Sunday, October 12, 2008

A Useful Antidote To Obvious Ideas And The Idea Of The Obvious

Even educated people commonly think that Einstein's theory of relativity is impossible to understand. This hasn't been helped by generations of explanations involving smoke and railway carriages, garbled versions of what started as a less than perfectly clear explanation by Einstein himself (to his credit, he tried mightily to make his theory comprehensible to non-physicists). I won't claim to have any reasonable grasp of the full "general theory" that Einstein ultimately derived. But after years of believing it was beyond my ken, I was stunned when I opened up Einstein's own 1916 book for the general reader to find just how dramatically simple the insight that motivated Einstein was, and how accessible the "special theory"--that's the one with e=mc2 is.

The version that most people get of the theory of relativity tends to stop when the eyes glaze over and before it gets to the interesting part, somewhere in the middle of a long explanation of relative motion. If the little Honda is heading toward the rickety old Eldorado with the drunk driver and both of them speedometers that reads 75 miles an hour, they're coming together at a total of 150 miles an hour. In a universe with nothing else, you can say the Honda's coming toward the Cadillac at 150 miles an hour. Or the Cadillac's coming toward the Honda at 150 miles an hour--it's the same no-fault relative kind of thing. Is there anybody who doesn't get this?

That is as far as folks get, because the only thing a longer version of this adds is confusion. The part that people don't get to is this: when the Cadillac turns on its headlights (too late, or the cars wouldn't be headed for a collision), the lights from the beams is heading away from the Cadillac at ... the speed of light. It's headed toward the Honda at the speed of light. The speed of light stays the same np matter how fast you're moving towards or away from it. If the driver of the Honda puts on the brakes, the light doesn't take any longer to get to him. All speed is relative, except that of light, which is always the same.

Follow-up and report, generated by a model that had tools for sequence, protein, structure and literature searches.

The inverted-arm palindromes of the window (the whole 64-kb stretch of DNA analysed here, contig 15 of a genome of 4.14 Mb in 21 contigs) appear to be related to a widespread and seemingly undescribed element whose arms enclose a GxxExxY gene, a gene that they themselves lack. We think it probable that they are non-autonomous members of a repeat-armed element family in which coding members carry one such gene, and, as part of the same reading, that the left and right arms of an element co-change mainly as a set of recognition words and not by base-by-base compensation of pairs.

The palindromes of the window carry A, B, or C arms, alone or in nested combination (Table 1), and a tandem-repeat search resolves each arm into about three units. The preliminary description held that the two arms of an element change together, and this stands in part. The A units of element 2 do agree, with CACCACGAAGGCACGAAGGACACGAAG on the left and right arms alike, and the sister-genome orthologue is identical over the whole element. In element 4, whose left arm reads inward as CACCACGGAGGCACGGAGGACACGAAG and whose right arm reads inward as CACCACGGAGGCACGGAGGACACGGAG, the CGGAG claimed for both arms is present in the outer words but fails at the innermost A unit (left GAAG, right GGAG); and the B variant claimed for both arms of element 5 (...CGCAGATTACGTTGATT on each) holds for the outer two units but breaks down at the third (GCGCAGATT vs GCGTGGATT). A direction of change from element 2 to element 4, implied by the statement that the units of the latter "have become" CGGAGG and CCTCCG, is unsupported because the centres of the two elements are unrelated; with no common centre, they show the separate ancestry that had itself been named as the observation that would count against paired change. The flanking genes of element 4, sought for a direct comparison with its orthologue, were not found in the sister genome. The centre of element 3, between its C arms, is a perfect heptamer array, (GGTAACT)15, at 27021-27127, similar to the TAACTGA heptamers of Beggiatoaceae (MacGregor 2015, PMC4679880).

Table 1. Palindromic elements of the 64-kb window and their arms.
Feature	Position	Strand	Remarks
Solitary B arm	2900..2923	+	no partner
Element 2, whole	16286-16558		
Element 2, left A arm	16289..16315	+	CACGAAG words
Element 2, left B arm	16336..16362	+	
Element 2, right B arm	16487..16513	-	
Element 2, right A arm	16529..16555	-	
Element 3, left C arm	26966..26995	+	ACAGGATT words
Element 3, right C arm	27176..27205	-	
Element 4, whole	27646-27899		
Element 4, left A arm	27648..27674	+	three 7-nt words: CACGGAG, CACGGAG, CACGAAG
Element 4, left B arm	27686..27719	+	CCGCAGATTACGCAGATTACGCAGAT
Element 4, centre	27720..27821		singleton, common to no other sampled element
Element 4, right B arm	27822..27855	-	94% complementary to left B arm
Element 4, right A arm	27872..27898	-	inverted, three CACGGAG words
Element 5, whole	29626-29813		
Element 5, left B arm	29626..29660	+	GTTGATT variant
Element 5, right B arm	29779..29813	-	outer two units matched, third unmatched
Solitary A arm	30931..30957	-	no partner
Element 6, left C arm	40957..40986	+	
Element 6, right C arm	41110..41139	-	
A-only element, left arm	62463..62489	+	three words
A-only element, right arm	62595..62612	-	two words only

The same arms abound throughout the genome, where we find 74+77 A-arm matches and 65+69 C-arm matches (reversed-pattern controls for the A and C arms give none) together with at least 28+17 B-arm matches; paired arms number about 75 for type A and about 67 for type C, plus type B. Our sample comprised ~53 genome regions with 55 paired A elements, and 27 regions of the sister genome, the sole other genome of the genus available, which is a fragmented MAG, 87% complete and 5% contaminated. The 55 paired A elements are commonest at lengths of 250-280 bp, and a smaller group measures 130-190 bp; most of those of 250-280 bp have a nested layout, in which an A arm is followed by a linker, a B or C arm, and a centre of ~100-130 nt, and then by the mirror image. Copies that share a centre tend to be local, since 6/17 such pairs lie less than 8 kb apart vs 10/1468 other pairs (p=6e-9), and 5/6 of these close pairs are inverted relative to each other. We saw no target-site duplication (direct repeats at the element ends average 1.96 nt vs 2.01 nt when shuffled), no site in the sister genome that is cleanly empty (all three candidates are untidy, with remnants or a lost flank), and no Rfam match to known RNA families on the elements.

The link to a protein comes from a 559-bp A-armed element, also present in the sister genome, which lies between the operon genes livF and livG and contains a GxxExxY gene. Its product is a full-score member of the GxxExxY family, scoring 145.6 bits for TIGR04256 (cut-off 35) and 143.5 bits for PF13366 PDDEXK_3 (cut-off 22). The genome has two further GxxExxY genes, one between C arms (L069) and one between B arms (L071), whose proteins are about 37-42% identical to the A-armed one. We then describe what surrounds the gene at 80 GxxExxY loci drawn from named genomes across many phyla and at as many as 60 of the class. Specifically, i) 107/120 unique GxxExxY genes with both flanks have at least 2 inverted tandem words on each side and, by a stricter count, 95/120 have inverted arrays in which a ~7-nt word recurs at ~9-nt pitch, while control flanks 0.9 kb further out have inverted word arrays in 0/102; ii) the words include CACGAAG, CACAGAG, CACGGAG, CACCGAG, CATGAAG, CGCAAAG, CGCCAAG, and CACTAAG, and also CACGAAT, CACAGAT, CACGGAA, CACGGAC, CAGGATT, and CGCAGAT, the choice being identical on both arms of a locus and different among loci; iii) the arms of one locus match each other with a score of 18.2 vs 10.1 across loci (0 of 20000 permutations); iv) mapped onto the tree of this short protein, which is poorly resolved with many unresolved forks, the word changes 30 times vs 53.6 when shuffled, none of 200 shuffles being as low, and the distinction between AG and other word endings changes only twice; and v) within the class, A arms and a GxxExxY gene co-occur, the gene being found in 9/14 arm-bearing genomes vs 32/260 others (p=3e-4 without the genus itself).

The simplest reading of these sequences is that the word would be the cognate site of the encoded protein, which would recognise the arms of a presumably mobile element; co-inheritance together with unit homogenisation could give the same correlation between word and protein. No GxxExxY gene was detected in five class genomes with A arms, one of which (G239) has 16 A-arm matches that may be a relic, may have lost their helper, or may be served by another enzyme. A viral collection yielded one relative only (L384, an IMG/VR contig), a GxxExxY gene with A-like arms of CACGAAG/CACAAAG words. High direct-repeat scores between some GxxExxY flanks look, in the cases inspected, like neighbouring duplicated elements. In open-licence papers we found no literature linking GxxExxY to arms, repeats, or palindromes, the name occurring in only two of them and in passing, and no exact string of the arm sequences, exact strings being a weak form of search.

Obviously this is impossible, right? Or not. Up to Einstein, it seemed that way, and physicists worked hard to come up with fudge factors that would resolve the paradox and slow down or speed up light to avoid contradictions. Einstein's incredible insight was to say that instead of complicating things with additional special rules, you had to simplify. And the way to simplify things was to get rid of exactly the part that people were most certain of: the meaning of space and time. If motion is relative and the speed of light is constant, well, that meant that as you get closer to the speed of light what had to change was distance and time. And in that case, as Einstein puts it:

There is not the least incompatability between the principle of relativity and the law of propagation of light.

I think that the better you understand Einstein, the more inspiring his achievement appears. Many people could have come up with Einstein's theory before him. It is not that the math is so difficult (though that part of Einstein's book is not easy going). It is that no one could bear to accept that the constant speed of light had been proved experimentally while the most basic and immovable ideas about space and time had not. You can't get rid of the first, so you had to lose the second.

So Einstein's theory proceeds essentially not by adding a new idea, but getting rid of a very basic idea that every one up to him had taken for granted. All the rest follows from that. What Einstein does is discard the obvious in favor of the provable. In the history of intellectual life, Einstein's contribution is to demonstrate in a spectacular way not that "everything is relative" (a meaningless cliche) but that there is no idea--none--so intuitively obvious that it trumps experiment and observation.